Lesley University’s first faculty endowed chair honors two pioneers in the field of literacy while recognizing the importance of extending educational opportunity to all, particularly children who face special challenges in becoming successfully literate in the early grades.
On July 1, the university will formally name Dr. Irene Fountas the first recipient of the Marie M. Clay Endowed Chair in Reading Recovery.
Fountas, director of the Center for Reading Recovery and Literacy Collaborative, says she is thankful for the honor, especially one named for her mentor and developer of a “revolutionary approach” to literacy, which within 12 to 16 weeks helps first-graders with extreme difficulty in learning to read reach the level of their peers. Dame Marie Clay, a New Zealand-born researcher, developed Reading Recovery beginning in 1976, before it was implemented nationally in New Zealand in 1983, and launched the next year in the United States. Fountas and others founded Lesley’s center in 1990.
The purpose of Reading Recovery, both globally and here, is to “make sure these children don’t enter a cycle of failure,” Fountas says, explaining that inadequate success in reading, writing and language skills puts the youngest students at a significant disadvantage, which can vex them throughout their time in school and during their working lives. Reading Recovery demonstrates the world can be different for the lowest achieving children.
“This is a program that builds on children’s strengths, instead of targeting their deficits,” says Fountas, adding that Lesley offers “a very powerful training model for teachers who are going to provide the intervention.”
Fountas says the $2.5 million endowed chair “ensures there will always be someone (at Lesley) with expertise in Clay’s work.”
Jack Gillette, dean of the Graduate School of Education, adds: “This financial support will ensure the sustainability of the Center and all its good work.” He says that Fountas’s selection as recipient of the endowed chair recognition “is a fitting tribute to a faculty member whose work has shaped the way the world approaches literacy, one who deeply honors her mentorship with Marie Clay, and someone who has touched the lives of so many.”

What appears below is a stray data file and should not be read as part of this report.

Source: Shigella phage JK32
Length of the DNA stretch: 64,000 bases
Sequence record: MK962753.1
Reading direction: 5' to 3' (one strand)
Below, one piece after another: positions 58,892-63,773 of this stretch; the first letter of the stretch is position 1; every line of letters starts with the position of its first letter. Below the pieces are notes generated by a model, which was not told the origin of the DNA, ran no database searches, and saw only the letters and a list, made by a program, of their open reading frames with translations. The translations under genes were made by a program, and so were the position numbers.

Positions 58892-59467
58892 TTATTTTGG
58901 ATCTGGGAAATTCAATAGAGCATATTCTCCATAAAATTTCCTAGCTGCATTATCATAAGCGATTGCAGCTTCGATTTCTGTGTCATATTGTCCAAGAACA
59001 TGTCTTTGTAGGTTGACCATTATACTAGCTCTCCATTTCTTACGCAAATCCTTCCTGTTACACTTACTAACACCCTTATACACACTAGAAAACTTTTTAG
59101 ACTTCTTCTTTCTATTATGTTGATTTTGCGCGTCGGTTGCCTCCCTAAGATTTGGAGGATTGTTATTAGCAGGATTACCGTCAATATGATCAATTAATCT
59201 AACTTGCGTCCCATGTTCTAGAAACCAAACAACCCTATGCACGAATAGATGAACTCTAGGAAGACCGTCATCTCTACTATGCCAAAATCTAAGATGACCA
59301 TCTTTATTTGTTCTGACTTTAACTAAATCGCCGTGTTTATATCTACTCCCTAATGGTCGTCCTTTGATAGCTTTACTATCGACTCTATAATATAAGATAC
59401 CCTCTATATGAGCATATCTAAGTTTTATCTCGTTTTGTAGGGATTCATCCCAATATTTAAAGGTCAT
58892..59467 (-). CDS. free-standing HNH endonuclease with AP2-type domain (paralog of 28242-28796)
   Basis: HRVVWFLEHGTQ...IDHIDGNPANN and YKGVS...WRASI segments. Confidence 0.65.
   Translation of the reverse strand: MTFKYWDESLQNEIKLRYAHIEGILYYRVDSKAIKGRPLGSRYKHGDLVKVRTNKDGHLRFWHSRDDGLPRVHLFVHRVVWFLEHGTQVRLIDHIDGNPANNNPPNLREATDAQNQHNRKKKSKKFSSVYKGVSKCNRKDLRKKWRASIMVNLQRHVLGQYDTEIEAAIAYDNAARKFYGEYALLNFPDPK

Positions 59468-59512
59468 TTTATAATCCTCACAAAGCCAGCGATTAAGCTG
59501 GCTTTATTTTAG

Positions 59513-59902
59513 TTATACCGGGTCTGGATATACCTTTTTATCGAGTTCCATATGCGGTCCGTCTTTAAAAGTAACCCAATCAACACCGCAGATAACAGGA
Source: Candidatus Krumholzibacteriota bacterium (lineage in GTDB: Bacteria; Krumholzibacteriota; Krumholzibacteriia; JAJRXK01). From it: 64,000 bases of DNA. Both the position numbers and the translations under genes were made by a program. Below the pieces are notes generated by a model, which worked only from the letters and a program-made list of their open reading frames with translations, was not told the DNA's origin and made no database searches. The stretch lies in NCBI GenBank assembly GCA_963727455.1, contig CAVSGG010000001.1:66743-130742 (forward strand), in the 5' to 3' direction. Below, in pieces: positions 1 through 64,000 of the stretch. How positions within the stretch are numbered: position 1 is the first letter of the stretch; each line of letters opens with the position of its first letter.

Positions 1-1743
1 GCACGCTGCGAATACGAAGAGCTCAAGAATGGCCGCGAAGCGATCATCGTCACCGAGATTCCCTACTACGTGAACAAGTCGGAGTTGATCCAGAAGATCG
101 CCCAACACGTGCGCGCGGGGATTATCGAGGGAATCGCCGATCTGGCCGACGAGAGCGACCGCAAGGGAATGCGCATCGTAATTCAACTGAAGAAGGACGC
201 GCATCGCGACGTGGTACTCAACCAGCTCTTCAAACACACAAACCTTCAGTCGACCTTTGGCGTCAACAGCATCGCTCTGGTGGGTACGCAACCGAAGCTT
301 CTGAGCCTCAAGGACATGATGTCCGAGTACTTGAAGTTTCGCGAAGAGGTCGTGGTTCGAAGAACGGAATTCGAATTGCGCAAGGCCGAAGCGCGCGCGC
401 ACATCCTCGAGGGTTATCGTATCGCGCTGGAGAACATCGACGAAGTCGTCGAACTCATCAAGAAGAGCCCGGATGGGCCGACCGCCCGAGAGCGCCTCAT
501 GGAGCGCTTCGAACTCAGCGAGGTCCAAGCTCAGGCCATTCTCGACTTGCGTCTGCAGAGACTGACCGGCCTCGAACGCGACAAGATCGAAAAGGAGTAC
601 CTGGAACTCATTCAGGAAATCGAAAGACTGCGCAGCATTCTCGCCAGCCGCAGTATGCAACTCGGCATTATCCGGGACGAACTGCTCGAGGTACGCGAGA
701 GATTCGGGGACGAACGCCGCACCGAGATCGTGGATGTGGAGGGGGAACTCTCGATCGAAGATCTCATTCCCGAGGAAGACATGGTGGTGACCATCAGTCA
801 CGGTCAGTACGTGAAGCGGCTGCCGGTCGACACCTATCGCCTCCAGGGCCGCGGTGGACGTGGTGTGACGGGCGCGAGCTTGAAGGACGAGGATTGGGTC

A Reading Recovery lesson in action.
The Marie M. Clay Endowed Chair in Reading Recovery was established by Lesley University in conjunction with the Reading Recovery Council of Massachusetts. In addition to recognizing faculty expertise and distinguished scholarship on the Reading Recovery early literacy intervention model Clay developed, it is designed to play a pivotal role in sustaining advocacy, dissemination, and research of this literacy model by Lesley University’s Center for Reading Recovery/Literacy Collaborative. Provost Selase Williams selected Fountas as the recipient.
“Among the number of outstanding teacher and scholars at Lesley University, Irene Fountas casts perhaps the longest shadow,” says university Provost Williams. “She is a national icon in her field, one who works so quietly and humbly that one would not know about her prominence were it not for the tremendous impact she and the Reading Recovery Center have had on school districts, classrooms, and, most importantly, on the lives of young readers.”
“Irene is a giant in her field,” adds Dean Gillette. “Beginning with her groundbreaking work with Gay Su Pinnell, ‘Guided Reading: Good First Teaching for All Children’ — about to have its 20th anniversary — Irene has led the way toward a systematic approach to literacy, from assessment to text selection to the network of teaching competencies that need to surround all children.”
A longtime and respected member of the Lesley community, Fountas has also demonstrated her impact can be seen away from the university, in the myriad classrooms and school districts that employ her literacy approaches.
“There is hardly a district in America you can walk into without seeing copies of her various texts out and well-used,” Gillette says. “Her widespread reputation has always been a huge plus for Lesley. The awarding of our first chair allows the university to honor that reputation in a formal way, bringing honor to the university, as well.”
However, Fountas is quick to deflect the attention from her, explaining that she is gratified that the endowed chair recognizes the importance of serving the most vulnerable students. She also believes Dame Marie Clay would feel the same way.
“She was a very humble woman,” Fountas says, recalling Clay’s visit to Lesley’s center as she was awarded an honorary doctorate in 1994. “But she was enormously appreciative of the university’s commitment to helping the lowest-achieving children.”